pc(t), provides a continuous transition from pc,s to pc while complying with
all the time constraints ts, te, τs and τe.
pc(t) = pc,s + 2(3pc − 2pc,s − pc,e)δ + 3(pc,s + pc,e − 2pc,n2
where pc,n = (τs − τe)ω/(ts − te)
is a nominal compressed pressure drop for the plateau, and
δ = (t − te)/(ts − te) is a relative time within the plateau
(this quantity changes from 0 at the beginning of
the plateau to 1 at its end).
End of COMMENT
If t = tmax,s then Exit P-Loop
If t + Δt ≧ tmax,s then Δt = tmax,s − t (last step)
t = t + Δt
pc = (t)
tM = ω/pc
τ = τ + Δt/tM
Insert (t,τ) into (t,τ)-table
End of R-LOOP
NOTES:
pc can be converted into pi, if necessary, as described in the literature
(See, e.g., Eq. (55) with r{overscore (u)} = pc
in Blumberg, L. M., “Relations between Pneumatic Parameters
of Ideal Gas in a Column with Uniform
Permeability”, Chromatographia 41, No 1/2, July 1995, pp. 15-22)

Direct Translation of a Constant Pressure Method Into a Constant Flow Method

Known Parameters of an Original Constant Pressure Method:
Inlet pressure, pi,o, and outlet pressure, po,o, - both are
fixed during the analysis
Column parameters:
length, Lo
characteristic dimension, do = dc,o (capillary columns),
or do = 2dp,o (packed columns)
resistance factor, φo (for capillary columns, φ = 1)
Carrier gas type and its viscosity, ηo(T), as a function of temperature
Temperature Program, To(t)
Known Parameters of a Translated Constant Flow Method:
Flux, J, of a carrier gas and outlet pressure, po, - both are
fixed during the analysis
Column parameters:
length, L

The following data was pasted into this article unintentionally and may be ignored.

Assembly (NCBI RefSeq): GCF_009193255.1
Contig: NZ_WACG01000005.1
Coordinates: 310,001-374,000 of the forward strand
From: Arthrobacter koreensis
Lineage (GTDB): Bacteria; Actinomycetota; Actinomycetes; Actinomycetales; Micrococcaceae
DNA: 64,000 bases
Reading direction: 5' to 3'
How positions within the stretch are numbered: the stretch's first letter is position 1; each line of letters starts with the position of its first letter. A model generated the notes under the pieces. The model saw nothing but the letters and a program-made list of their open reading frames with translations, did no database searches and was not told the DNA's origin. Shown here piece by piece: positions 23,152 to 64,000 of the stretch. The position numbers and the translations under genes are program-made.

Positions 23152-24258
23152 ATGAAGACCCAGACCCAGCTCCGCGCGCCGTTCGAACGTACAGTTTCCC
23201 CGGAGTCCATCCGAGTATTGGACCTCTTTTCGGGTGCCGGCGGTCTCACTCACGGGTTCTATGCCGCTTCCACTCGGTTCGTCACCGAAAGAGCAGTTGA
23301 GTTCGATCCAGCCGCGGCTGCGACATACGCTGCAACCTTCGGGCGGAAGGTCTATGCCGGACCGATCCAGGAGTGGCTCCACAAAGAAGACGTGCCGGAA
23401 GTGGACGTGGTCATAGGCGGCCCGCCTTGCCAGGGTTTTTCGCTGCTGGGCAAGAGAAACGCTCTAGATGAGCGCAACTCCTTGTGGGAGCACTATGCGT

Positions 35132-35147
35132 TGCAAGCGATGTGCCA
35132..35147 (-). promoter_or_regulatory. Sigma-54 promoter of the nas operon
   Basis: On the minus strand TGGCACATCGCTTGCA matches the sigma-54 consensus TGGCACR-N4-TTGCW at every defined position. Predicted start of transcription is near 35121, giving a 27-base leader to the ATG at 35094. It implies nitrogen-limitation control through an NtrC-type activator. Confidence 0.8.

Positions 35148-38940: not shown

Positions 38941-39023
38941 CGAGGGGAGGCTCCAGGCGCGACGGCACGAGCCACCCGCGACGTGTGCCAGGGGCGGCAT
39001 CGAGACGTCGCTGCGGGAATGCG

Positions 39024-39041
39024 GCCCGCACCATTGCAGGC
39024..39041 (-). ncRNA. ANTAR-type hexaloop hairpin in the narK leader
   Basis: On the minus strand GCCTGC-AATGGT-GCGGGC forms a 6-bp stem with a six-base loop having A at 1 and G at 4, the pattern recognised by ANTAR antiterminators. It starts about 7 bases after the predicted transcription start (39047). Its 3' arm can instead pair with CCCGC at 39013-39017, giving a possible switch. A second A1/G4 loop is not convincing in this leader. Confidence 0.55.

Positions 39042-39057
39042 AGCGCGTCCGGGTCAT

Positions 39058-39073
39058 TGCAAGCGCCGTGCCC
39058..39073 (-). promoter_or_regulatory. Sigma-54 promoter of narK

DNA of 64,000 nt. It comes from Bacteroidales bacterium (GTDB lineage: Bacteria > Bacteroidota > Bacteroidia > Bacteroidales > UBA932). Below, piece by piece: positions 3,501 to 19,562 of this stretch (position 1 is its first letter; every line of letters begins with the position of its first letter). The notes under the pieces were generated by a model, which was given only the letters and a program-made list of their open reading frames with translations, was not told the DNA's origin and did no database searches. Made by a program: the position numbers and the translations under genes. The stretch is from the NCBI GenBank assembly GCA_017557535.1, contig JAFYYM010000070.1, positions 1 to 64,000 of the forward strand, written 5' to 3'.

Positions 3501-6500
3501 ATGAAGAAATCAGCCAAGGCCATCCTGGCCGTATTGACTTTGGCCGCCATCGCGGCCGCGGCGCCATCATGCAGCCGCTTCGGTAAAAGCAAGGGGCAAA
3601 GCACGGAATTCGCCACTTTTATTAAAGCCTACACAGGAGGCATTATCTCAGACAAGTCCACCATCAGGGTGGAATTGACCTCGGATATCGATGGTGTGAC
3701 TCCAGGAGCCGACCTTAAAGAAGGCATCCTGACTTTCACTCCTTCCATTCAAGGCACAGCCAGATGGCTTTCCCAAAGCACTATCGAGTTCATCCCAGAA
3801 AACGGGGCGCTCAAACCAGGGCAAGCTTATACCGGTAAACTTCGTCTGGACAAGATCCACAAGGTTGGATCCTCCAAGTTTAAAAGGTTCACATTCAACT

characteristic dimension, d = dc (capillary columns), or
d = 2dp (packed columns)
resistance factor, φ (for capillary columns, φ = 1)
porosity, ε (for capillary columns, ε = 1)
Carrier gas type and its viscosity, η(T), as a function of temperature
To be Found:
Temperature program, T(t), of a translated method
Note: All functions can be expressed in a mathematical or tabular form.
In the latter case, a table can be accompanied by the rules of interpolation
(say, a cubic spline) between the tabulated points
GENERAL MATHEMATICAL SOLUTION FOR A HEATING RAMP
STARTING AT Tinit:
For the original (constant pressure) method find the following:
Invert To(t) as to(T)
Find 1/Ro(T) = dto(T)/dT
ωo(T) = (Lo/do)2φoηo(T)
* p c , o = 3 4 · ( p i , o + p o , o ) 2 p i , o 2 + p i , o p o , o + p o , o 2 · ( p i , o - p o , o )
tM,o(T) = ωo(T)/pc,o
For the translated (constant flow) method find the following:
ω(T) = (L/d)2φη(T)
Ω(T) = ω(T)/(εL)
p i = p o 2 + 2 p ref Ω J T / T ref
p c = 3 4 · ( p i + p o ) 2 p i 2 + p i p o + p o 2 · ( p i - p o )
tM(T) = ω(T)/pc
t ( T ) = T init T t M t M , o · d T R 0 ( T )
T(t) is an inversion of t(T)
*NOTE: Skip this step if pc,o (rather than pi,o and po,o) is a known
constant compressed pressure
CALCULATION OF THE DURATION, tp, OF A TEMPERATURE
PLATEAU IN A TRANSLATED METHOD CORRESPONDING TO A
tp,o-LONG PLATEAU AT A TEMPERATURE, Tp,
IN THE ORIGINAL METHOD:
For the original (constant pressure) method find the following:
ωo = (Lo/do)2φoηo(Tp)
* p c , o = 3 4 · ( p i , o + p o , o ) 2 p i , o 2 + p i , o p o , o + p o , o 2 · ( p i , o - p o , o )
tM,o = ωo/pc,o
For the translated (constant flow) method find the following: